Over the past 6 months, Camera+ revenue has increased over 3x. Play along and fantasize for a second about that trend continuing over time… if it keeps going, by 2018 our daily sales would be twice the world population. Yeah, this growth might not be sustainable over time. Anyway…

The two most relevant things contributing to the large jumps on the right side of the above chart were the launch of the iPhone 4S in early October and the annual Christmas bump. Both were increases that were expected but what’s been surprising is how long each has lasted.

tap tap tap’s latest blog post is interesting not just because of app sales numbers alone: I think it provides good insight into the 4S “bump” from October and the typical sales increase in the holiday season, which is related to new users buying apps for their new devices. This year, however, sees a new iPhone model released against the holiday season for the first time. It’s been widely reported the iPhone 4S should be selling really well (we’ll know more on January 24), but tap tap tap’s numbers seems to suggest an impressive growth, not just a good one.

Camera+ is a rare example of a paid app maintaining a stable growth over time with only a few promotions and features by Apple. Read more about the app’s sales figures here.

iPhone 4S Vs. “Real” Digital Cameras

Chris Foreman at Ars Technica takes a look at the iPhone 4S’ camera compared to an iPhone 4, a Samsung Galaxy SII, an Olympus XZ-1 and a Canon 20D. Obviously, the iPhone 4S’ improved camera and optics turn out to be a recommended upgrade:

In real life use, each camera has a mix of benefits and drawbacks. The iPhone 4 was our previous favorite in smartphone cameras, and the iPhone 4S improves on that. The lens is a bit sharper and the hybrid IR filter seems to improve color rendering and possibly white balance. The new sensor also seems to have slightly less noise, better dynamic range, and three million more pixels to work with.

The combination of an updated sensor and the dual-core A5 processor also make the iPhone 4S much faster to start up and take pictures. It was nearly as fast at launching, focusing, and snapping sequential images as the Olympus XZ-1, and certainly faster than previous compact cameras we have used.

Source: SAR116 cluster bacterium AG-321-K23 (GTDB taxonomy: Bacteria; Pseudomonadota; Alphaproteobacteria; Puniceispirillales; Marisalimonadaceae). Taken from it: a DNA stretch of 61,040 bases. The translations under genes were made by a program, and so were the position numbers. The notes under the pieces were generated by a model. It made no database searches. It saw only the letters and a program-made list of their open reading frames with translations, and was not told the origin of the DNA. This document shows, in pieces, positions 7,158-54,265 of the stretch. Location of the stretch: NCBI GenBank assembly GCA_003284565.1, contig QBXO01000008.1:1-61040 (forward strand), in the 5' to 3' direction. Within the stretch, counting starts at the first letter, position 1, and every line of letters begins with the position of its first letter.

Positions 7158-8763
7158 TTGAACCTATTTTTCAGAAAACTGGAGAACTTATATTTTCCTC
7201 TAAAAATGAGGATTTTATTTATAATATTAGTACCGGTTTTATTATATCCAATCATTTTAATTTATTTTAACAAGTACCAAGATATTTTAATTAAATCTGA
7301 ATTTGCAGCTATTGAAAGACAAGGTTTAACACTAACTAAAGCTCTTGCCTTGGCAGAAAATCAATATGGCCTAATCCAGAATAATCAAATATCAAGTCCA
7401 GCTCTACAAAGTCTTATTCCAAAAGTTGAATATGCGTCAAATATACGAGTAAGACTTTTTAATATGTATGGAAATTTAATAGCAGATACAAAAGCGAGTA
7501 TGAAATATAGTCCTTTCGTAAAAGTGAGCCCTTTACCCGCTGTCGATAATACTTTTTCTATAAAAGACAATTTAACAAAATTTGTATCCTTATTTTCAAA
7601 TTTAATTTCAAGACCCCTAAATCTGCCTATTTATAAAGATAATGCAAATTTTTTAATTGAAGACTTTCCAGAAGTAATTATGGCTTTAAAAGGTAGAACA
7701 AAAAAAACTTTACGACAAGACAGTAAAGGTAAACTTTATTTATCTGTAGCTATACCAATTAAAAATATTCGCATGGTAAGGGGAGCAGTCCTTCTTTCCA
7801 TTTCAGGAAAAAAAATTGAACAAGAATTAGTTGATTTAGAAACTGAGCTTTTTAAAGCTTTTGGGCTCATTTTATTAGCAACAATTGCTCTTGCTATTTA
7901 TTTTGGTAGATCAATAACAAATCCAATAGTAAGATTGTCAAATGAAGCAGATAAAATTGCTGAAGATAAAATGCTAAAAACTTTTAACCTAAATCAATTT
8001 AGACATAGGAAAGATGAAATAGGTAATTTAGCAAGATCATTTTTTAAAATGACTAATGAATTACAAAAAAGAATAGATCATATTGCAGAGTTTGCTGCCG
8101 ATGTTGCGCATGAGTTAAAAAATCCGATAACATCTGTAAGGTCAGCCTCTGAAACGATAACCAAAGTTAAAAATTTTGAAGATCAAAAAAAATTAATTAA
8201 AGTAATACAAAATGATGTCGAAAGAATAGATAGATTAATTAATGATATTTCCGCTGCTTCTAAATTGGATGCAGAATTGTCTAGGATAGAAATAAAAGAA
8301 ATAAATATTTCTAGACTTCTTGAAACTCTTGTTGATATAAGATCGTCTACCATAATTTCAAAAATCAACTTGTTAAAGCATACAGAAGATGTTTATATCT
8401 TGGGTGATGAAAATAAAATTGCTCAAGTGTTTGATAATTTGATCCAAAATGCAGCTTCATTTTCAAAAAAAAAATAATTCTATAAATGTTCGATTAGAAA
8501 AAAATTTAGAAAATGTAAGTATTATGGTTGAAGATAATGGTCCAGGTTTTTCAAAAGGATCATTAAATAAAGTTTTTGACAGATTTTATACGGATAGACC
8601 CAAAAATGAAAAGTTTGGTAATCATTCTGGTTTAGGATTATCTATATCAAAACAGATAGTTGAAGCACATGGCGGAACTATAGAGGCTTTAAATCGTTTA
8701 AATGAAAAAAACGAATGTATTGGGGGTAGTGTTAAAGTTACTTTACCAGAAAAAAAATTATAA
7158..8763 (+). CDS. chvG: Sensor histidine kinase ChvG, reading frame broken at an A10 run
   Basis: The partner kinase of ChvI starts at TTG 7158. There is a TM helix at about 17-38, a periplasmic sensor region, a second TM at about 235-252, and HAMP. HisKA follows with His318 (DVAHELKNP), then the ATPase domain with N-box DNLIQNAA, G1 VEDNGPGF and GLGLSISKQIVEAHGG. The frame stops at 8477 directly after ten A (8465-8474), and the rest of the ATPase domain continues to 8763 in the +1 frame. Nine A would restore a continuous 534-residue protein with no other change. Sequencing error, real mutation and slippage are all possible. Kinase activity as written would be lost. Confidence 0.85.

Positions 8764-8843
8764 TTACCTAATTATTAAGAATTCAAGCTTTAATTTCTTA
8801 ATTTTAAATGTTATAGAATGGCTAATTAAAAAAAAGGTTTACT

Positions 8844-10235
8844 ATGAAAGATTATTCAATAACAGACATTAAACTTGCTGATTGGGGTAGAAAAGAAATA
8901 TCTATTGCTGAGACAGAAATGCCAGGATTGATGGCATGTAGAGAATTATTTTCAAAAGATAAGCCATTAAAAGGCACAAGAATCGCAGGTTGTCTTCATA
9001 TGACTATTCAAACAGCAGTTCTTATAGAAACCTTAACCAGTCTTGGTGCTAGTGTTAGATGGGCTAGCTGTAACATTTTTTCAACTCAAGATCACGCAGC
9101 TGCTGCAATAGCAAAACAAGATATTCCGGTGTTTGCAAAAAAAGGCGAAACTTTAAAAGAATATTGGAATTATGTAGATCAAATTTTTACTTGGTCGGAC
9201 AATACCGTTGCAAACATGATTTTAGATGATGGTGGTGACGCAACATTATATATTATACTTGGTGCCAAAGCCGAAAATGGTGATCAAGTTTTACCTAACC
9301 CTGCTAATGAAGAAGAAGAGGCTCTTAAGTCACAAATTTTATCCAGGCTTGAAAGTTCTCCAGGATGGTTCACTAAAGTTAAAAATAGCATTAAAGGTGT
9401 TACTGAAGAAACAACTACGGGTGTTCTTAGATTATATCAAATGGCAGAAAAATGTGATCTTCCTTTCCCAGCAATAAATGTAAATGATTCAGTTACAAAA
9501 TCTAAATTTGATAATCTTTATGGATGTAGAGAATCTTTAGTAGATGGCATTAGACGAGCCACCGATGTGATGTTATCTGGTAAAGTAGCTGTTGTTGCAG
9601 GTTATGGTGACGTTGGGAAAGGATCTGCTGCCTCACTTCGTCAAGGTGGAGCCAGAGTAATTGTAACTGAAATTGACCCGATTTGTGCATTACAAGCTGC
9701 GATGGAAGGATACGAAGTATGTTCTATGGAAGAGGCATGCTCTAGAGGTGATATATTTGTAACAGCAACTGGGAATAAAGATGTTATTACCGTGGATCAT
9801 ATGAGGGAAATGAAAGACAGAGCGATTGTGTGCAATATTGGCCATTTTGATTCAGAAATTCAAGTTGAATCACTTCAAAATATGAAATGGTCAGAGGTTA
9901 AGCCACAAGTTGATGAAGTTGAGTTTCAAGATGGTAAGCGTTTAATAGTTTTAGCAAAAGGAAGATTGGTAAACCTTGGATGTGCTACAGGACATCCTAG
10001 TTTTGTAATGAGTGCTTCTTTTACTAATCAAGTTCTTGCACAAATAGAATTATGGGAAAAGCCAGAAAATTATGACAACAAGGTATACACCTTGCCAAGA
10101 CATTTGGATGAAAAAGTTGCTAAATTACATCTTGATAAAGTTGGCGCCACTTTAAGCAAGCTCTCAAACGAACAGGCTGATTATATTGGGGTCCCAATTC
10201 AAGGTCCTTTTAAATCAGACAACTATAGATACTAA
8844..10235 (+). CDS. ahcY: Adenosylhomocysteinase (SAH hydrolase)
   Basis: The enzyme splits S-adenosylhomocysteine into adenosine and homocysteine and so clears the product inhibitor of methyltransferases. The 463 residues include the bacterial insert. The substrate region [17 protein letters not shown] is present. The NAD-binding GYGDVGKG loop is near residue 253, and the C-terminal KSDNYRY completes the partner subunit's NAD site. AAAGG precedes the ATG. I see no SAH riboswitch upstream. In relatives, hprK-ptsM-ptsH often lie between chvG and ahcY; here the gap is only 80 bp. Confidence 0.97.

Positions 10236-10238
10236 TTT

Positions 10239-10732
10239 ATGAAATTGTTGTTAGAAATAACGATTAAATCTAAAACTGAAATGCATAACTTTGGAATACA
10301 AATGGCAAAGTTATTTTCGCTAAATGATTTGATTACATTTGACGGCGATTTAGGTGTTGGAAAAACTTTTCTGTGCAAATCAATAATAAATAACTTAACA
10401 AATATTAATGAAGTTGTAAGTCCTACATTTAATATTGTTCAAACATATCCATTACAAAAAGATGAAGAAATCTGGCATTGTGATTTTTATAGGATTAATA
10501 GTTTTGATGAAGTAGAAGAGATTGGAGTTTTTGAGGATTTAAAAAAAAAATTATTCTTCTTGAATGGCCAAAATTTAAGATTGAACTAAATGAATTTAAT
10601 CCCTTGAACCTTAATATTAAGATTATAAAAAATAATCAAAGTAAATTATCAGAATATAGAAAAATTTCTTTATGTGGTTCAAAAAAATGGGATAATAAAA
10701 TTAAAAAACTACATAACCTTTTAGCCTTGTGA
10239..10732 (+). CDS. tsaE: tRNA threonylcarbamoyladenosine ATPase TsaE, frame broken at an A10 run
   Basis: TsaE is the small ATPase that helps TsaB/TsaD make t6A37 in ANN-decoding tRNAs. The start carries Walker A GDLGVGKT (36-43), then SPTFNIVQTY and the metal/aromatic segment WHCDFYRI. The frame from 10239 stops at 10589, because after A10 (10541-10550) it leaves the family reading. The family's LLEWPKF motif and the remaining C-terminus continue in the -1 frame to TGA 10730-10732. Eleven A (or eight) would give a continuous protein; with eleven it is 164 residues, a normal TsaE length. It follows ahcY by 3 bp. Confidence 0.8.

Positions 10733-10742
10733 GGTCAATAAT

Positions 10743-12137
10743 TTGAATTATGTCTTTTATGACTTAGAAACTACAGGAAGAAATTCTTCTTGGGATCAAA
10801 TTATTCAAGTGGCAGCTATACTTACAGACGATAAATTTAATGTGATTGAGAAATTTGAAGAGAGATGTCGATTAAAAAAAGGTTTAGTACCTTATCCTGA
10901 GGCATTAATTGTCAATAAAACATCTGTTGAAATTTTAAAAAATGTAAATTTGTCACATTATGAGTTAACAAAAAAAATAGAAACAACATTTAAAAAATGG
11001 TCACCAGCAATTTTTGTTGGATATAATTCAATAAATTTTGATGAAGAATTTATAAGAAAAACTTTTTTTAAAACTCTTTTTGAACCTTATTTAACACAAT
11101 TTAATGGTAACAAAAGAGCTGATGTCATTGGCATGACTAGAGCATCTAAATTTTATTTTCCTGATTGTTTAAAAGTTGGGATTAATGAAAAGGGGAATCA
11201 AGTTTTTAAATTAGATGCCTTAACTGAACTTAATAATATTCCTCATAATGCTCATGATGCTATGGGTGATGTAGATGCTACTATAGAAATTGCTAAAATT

However, when compared to other cameras, it really is about convenience VS. options and full control, rather than just “quality” alone. Sure, DSLR still offers higher quality and reliability in several areas, but the iPhone 4S’ camera is more than good for still pictures both indoors and outdoors. More importantly, the iPhone 4S combines decent picture quality with the added convenience of having a great portable camera in your pocket with you all the time — a device that’s also capable of running software (apps) and being enhanced with hardware add-ons (tripods, lenses, etc.). And for many, having a camera like the one found in the iPhone 4S for a device that also happens to be a phone and a gaming machine might just be enough to capture moments of their next trip and quickly edit everything in iPhoto. The software plays an important role in the 4S’ big picture.

Check out Ars’ full report with comparative shots here.

Last year, popular app Camera+ for iPhone was removed from the App Store as the developers implemented a hidden feature to snap pictures using the iPhone’s volume button, which at the time was prohibited by Apple. As months went by, however, Camera+ made its triumphant return to the App Store with version 2.0, a complete rewrite of the app, and Apple unveiled iOS 5, which among other features includes the possibility of taking photos by holding down the volume button.

The latest update to Camera+ brings back VolumeSnap, as explained by the “VS” in the 2.4 version number. Just like in the old Camera+, and Apple’s new Camera app, you can take photos by simply pressing the iPhone’s volume button just like a physical shutter. The feature works as expected, and you can still use the regular software button on screen if you want.